Making fast informed decisions is vital on the battlefield but being able to act quickly is equally important. Wheeled vehicles have an advantage over tracks when it comes to ride quality, speed, reliability and fuel efficiency.

However, these benefits come at the cost of reduced terrain accessibility. The UK Defence Science and Technology Laboratory (Dstl) and defence prime QinetiQ are working towards choices of stealthy armoured vehicles which are more agile, more mobile, more efficient and easier to deploy beyond 2030.

Dstl technical lead William Suttie tells Global Defence Technology: “There are two things within my research.

“Firstly, what we are looking how would you enable the proof to operate at a high temper – that is moving quickly, making lots of very fast decisions. On the other side, this project is about the mobility side of things.”

Improved operational mobility

The project aims to achieve improved operational mobility and allow faster travel speed while remaining safe.

Suttie explains: “We looked at electric hub-drive that gives a lot of flexibility in terms of suspension design. Then we started working with QinetiQ to see how we can exploit that in a novel solution.”

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The result is an 8×8, battery-powered and currently remotely piloted ground vehicle system called Mobility Test Rig (MTR). The completed vehicle would likely need to be hybrid, however, considering the additional weight carried by a ground platform.

All wheels have individual torque, the ability to turn and the hub-drive can extend or reduce the distance between the wheels and alter the height of the suspension.

“We’ve not only got long-travel suspension, but the suspension can rotate, and this gives tremendous advantages for mobility,” Suttie explains.

“The vehicle can go into what we call a flotation stay mode, where the vehicle is moving in a crab-like motion. Each wheel follows a different path, so you don’t get rutted.”

The concept could be used on vehicles in about five years, initially on light infantry vehicles. Some of the MTR technologies may be deployed on uncrewed ground vehicles (UGVs), but the concept is aimed at future platforms up to 40 tons.

Achieving high speeds safely

The MTR concept will allow for speeds of 100km/h, which can be hazardous off-road without adequate precautions. The main challenge the project team faces is how to achieve high speeds safely. Suttie believes the control system is the area on which the team needs to focus the most.

“You’ve already got active suspension and the sensors on the front of the vehicle that is looking at the trailer flaps,” he explains.

“Those sensors could also be used as collision avoidance sensors. And because we’ve got an electric drive, you can control the torque on each wheel that allows for torque vectoring”.

This technology is commonly used in rally cars to maximise steering ability.

“When the MTR is going at high speed, the system will sense that and will lower the suspension height and lower the vehicle’s centre of gravity, so it is less susceptible to roll over,” Suttie says.

The wide array of sensors installed on the system could support autonomous driving. Suttie believes, however, that fully autonomous driving off-road would be difficult to achieve given the lack of road markings and curbs that civil systems can use to navigate. But the MTR could have an autonomous driving mode when conditions allow.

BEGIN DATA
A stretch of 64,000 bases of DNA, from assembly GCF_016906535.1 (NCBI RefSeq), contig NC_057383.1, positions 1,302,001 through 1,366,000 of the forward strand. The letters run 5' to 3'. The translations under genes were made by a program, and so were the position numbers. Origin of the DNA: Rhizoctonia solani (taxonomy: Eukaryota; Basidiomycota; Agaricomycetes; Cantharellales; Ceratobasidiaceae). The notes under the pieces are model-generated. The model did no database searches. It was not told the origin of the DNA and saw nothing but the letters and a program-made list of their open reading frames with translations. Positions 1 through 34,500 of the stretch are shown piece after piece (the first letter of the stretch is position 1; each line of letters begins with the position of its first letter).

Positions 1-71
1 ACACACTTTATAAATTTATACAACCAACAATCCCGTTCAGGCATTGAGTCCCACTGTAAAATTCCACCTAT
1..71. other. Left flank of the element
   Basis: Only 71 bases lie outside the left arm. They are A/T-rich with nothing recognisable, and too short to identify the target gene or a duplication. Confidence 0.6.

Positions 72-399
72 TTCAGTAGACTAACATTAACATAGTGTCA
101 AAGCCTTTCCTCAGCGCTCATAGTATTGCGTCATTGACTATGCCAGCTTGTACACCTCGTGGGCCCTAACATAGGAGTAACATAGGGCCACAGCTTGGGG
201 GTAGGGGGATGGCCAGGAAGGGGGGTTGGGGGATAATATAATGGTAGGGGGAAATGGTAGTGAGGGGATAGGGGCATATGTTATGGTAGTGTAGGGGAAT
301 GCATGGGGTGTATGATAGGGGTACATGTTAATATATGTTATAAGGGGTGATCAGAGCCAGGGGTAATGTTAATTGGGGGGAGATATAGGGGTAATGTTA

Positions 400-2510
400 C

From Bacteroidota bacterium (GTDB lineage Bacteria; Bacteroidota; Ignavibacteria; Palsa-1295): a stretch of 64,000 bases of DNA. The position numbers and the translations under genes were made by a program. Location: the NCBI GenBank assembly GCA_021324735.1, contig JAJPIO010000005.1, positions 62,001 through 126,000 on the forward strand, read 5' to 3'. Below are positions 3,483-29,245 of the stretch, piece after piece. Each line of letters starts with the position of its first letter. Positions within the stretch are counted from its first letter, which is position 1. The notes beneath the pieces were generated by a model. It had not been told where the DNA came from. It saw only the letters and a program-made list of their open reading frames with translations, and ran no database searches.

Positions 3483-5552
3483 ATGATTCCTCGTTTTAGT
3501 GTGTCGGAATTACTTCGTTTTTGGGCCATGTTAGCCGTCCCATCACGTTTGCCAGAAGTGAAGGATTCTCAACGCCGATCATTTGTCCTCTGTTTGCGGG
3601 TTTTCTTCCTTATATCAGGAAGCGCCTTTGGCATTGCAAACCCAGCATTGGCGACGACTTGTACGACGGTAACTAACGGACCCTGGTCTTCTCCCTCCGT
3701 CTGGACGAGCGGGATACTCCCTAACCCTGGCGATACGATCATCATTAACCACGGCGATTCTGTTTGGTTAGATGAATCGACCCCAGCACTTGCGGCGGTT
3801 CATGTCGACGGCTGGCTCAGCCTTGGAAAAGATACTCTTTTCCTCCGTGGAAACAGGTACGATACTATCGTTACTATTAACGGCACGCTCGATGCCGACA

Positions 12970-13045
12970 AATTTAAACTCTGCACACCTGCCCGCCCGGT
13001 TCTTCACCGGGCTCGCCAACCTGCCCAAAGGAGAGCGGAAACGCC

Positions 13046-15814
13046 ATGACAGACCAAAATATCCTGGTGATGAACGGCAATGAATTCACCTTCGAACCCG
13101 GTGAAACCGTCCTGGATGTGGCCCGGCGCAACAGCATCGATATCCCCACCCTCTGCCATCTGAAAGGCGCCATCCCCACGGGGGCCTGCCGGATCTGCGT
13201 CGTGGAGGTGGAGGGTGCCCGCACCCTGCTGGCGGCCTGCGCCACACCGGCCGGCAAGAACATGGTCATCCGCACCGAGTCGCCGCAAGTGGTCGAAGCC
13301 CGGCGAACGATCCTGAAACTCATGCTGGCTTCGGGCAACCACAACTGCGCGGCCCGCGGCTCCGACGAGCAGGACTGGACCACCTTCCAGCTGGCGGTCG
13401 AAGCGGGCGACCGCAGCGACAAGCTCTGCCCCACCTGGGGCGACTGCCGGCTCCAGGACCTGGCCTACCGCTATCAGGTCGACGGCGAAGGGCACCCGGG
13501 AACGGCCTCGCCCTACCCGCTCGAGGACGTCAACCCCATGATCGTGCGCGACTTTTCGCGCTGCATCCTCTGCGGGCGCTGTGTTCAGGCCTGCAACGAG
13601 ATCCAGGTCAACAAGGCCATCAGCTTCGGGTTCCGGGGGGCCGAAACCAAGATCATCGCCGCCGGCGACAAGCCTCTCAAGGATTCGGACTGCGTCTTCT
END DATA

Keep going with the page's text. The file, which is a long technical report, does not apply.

Dstl started experimenting with similar mobility solutions five years ago, but it only started working with QinetiQ in 2019. Suttie says the partners could have chosen a more exotic suspension solution, but MTR provides operational flexibility without being too complex.

“Look at Hyundai’s walking car. It looks very good, but it would never work in a military context. In the military, you want something robust and this [MTR] is a fairly simple double-wishbone suspension which articulates in a clever way,” Suttie adds.

Mobility Test Rig
All wheels have individual torque, the ability to turn and the hub-drive can extend or reduce the distance between the wheels and alter the height of the suspension. Credit: Dstl

Power articulation

As the next step of the project, the suspension will receive power articulation and the MTR will have a full control system implemented. The current research ends in March and the team is exploring the next stages closely with the British Army.

Suttie says: “Probably in about two years’ time we’ll start building a full-size demonstration rig of about 25 tons.”

He explains that is the weight where all potential risks and challenges can be addressed without going too heavy and compromising cost-efficiency. British soldiers could have hands-on experience with the system in about four years.

MTR’s survivability and protection would mainly rely on signature management instead of heavy armour. Dstl has run several experiments, some of them in a synthetic environment, which opened up new survivability options.

“What we’re finding, is that if you exploit your agility and your low signature, you can detect the enemy without them detecting you and engage them. We see active protection as a sort of pull-back-home, so if things go wrong you’ve got extra protection,” Suttie explains.

The modular hub drive uses 20% less fuel and reduces emissions proportionally. Suttie says using the electric drive is a win-win situation from a capability perspective.

“It reduces your logistic drag, gives you export power, smoother running, a more powerful system and it is good for the environment,” he adds.

“This project is not simply about making wheeled vehicles better, it is actually helping them change the way they operate, to have the ability to quickly be deployed with a stable, reliable platform.”